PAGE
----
Black History Month Event

Week-long series to use hip-hop to teach urban youth survivor skills

The Good Life Youth Foundation is using the power of Hip-Hop culture to address current challenges of violence affecting urban youth.

During school’s Winter Break, Feb. 16 through Feb. 20, from noon to 3 p.m. daily, The Good Life Youth Foundation will present a series of interactive workshops filtered through Hip-Hop and focused on providing life skills that can instantly impact the lives and outcomes of those in attendance.

“What Every Youth Needs to Know to Survive” is the series’ theme. The workshops aim to impart life skills to youth.  The event features rappers, activists, leaders and community members who will give youth vital building blocks for survival.

By bringing the youth, community and youth service stakeholders, parents and all other interested parties together Good Life and its’ partners look to start the work of change. Central to this approach however, is using Hip-Hop to bridge connection to at-risk youth.  To move from opportunity to access while introducing understanding and skill-sets necessary to influence meaningful change in the lives of the youth, and those charged with leading them.

This first installment will focus on rapper J. Cole’s latest album “2014 Forest Hills Drive” and the content and lyrics that convey a real message of action. As a special element, Good Life was fortunate enough to enlist the help and support of international producer, global motivator and founder of Reaching For Higher Ground Consulting Sean McLeod.

McLeod will bring McLeod Technique and its celebrated emotional development and personality development modules to the series, helping guests and participants identify and learn from the life lessons harvested in the sessions.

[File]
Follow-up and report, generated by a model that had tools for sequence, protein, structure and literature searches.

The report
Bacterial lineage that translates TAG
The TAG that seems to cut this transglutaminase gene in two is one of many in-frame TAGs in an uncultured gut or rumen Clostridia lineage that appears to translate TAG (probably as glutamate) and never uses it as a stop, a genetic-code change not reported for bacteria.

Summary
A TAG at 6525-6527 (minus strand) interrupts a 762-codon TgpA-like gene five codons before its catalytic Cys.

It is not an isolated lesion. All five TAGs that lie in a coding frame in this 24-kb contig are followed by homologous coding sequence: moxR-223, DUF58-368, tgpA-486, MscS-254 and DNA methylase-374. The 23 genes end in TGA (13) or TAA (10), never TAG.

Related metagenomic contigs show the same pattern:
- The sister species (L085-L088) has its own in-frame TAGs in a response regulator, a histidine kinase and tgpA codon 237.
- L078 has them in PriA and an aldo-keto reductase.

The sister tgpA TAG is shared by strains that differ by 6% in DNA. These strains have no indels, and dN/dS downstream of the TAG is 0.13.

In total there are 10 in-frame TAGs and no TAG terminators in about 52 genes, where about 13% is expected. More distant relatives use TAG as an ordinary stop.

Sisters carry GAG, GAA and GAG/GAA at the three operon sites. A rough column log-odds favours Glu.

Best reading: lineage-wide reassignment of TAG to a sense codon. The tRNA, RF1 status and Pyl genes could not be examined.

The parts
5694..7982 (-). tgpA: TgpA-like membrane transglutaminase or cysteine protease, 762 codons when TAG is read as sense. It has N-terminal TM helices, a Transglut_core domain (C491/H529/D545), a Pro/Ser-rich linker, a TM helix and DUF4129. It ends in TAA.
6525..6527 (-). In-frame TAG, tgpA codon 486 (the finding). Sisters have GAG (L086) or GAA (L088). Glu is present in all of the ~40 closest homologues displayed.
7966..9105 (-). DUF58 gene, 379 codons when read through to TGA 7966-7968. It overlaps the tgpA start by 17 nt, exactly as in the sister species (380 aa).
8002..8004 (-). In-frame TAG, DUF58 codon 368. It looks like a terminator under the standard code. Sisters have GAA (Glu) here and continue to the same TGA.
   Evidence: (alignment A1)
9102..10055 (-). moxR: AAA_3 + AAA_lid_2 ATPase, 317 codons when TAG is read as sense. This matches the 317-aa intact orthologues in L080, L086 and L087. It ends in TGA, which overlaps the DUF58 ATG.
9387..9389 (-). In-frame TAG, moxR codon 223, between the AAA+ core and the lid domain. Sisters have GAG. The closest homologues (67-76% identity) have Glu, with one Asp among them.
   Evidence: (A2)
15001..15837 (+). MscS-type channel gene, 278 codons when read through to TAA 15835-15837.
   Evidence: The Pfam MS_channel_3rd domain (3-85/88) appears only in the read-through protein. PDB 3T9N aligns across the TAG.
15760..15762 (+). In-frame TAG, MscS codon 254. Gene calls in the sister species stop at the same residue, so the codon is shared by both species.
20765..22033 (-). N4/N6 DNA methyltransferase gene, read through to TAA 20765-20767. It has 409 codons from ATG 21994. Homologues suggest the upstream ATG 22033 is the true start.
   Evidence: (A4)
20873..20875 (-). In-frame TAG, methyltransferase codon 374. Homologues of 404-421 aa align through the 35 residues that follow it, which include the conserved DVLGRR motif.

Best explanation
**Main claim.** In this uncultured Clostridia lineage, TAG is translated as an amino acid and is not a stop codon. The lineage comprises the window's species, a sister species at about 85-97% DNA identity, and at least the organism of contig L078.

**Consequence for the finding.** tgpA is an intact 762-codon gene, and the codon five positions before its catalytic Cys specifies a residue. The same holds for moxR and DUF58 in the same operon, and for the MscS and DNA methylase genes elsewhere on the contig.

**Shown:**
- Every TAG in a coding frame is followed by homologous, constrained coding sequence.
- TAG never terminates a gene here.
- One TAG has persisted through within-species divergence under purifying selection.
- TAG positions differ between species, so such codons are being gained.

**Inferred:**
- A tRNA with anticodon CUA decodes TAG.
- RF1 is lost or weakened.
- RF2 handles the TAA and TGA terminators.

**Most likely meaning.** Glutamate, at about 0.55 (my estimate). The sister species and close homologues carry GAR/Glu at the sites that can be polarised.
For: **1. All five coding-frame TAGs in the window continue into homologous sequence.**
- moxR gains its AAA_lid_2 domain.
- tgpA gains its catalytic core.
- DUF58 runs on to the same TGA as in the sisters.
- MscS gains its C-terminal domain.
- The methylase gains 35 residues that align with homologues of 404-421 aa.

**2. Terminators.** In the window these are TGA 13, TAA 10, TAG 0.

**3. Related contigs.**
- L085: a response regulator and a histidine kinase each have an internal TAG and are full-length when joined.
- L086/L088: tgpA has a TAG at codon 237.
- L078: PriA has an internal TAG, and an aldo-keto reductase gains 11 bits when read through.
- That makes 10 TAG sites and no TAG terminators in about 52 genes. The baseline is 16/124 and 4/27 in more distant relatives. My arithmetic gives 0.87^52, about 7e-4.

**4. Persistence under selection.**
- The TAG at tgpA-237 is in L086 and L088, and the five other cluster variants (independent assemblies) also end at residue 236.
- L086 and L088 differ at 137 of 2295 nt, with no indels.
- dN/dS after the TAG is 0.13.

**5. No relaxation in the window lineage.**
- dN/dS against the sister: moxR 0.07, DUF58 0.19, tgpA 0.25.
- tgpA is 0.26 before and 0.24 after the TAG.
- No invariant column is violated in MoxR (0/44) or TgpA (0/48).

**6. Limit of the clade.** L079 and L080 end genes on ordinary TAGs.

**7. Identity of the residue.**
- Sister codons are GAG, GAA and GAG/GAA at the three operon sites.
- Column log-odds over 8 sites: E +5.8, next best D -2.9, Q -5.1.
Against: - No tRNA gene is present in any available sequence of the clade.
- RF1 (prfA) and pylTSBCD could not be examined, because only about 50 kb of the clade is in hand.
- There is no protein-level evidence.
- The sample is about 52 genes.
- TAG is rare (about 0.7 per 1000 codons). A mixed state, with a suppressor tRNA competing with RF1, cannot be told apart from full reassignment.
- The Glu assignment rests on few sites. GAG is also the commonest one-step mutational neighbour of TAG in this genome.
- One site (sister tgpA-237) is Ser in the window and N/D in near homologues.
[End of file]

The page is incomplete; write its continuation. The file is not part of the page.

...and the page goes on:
Other prominent guests speakers will include rapper and activist Wise Intelligent, singer and song-writer Poison Ivory and Hip-Hop journalist and deputy editor of Bossip’s HipHopWired.com, Alvin “Aqua” Blanco.

“This innovative and unique approach using a popular rap artist’s entire album alongside key figures in the music industry to bring understanding to youth is rare.  Often modern hip-hop can’t be used in such a way because of its graphic content or adult themes” says Executive Director of Good Life Hasan Stephens. “Hip-Hop is the culture many young people breathe and sleep, so naturally we speak the language they need to hear the messages they require to survive.”

Stephens, is also known by the name “DJ Maestro,” and is the official DJ for Syracuse University Basketball and Athletics. He founded Good Life Youth Foundation in 2012 to address the increasing numbers of youth centered violence, the incarceration and recidivism rate, with focus on ushering youth and their families out of poverty.

 

About the Webinar:

What: “It’s A Cold World: What Every Youth Needs to Know To Survive”

When: Noon to 3 p.m. daily, Monday, Feb. 16 through Friday, Feb. 20

Where: South Side Innovation Center, 2610 S. Salina St.

To RSVP: Call (315) 281-9690